breast_cancer.dtypes)
```

Here are the dimensions of our data frame: (569, 31)

Here are the data types of our columns:

```
diagnosis int64\n",
"radius_mean float64\n",
"texture_mean float64\n",
"perimeter_mean float64\n",
"area_mean float64\n",
"smoothness_mean float64\n",
"compactness_mean float64\n",
"concavity_mean float64\n",
"concave_points_mean float64\n",
"symmetry_mean float64\n",
"fractal_dimension_mean float64\n",
"radius_se float64\n",
"texture_se float64\n",
"perimeter_se float64\n",
"area_se float64\n",
"smoothness_se float64\n",
"compactness_se float64\n",
"concavity_se float64\n",
"concave_points_se float64\n",
"symmetry_se float64\n",
"fractal_dimension_se float64\n",
"radius_worst float64\n",
"texture_worst float64\n",
"perimeter_worst float64\n",
"area_worst float64\n",
"smoothness_worst float64\n",
"compactness_worst float64\n",
"concavity_worst float64\n",
"concave_points_worst float64\n",
"symmetry_worst float64\n",
"fractal_dimension_worst float64\n",
"dtype: object\n"
```

## Class Imbalance

The distribution of diagnoses is important because it speaks to class imbalance within machine learning and data mining applications. Class imbalance is a term used to describe when a target class within a data set is outnumbered by another target class (or classes). This can create misleading accuracy metrics, known as an accuracy paradox. To make sure our target classes aren't imbalanced, create a function that will output the distribution of the target classes.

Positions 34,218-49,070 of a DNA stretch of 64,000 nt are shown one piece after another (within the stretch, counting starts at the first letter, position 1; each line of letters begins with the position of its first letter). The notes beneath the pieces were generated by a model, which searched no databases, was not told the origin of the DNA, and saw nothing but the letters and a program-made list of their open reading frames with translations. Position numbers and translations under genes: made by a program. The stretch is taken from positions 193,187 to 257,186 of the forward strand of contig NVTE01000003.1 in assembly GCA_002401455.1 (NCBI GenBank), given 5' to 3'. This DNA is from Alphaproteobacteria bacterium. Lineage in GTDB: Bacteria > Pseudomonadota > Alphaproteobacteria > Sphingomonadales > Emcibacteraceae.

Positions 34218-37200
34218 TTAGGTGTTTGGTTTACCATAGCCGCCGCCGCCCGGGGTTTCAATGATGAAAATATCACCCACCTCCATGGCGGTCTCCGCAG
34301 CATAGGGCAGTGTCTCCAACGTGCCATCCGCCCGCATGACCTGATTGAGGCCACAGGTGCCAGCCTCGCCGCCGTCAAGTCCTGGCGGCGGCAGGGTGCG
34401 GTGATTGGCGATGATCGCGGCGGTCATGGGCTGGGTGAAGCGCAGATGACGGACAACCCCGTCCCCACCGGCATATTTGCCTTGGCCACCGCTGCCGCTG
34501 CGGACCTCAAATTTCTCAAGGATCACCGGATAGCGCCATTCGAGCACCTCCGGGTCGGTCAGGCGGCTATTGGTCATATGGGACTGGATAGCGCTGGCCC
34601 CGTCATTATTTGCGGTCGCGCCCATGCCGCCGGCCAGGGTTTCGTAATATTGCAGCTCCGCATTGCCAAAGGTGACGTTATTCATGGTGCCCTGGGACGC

**Note:** If your data set suffers from class imbalance, I suggest reading up on upsampling and downsampling.

```
def print_dx_perc(data_frame, col):
"""Function used to print class distribution for our data set"""
dx_vals = data_frame[col].value_counts()
dx_vals = dx_vals.reset_index()
# Create a function to output the percentage
f = lambda x, y: 100 * (x / sum(y))
for i in range(0, len(dx)):
print('{0} accounts for {1:.2f}% of the diagnosis class'\
.format(dx[i], f(dx_vals[col].iloc[i],
dx_vals[col])))
```

`print_dx_perc(breast_cancer, 'diagnosis')`

Benign results account for 62.74% of the diagnosis class. Malignant results account for 37.26% of the diagnosis class. Fortunately, this data set does not suffer from class imbalance.

Next, we will employ a function that gives us standard descriptive statistics for each feature including mean, standard deviation, minimum value, maximum value, and range intervals.

`breast_cancer.describe()`

You can see in the maximum row of the chart that our data varies in distribution; this will be important as we consider classification models. Standardization is an important requirement for many classification models that should be handled when implementing pre-processing. Some models (like neural networks) can perform poorly if pre-processing isn't considered, so the `describe()`

function is a good indicator for standardization. Fortunately, random forest does not require any pre-processing. (For use of categorical data, see sklearn's Encoding Categorical Data.)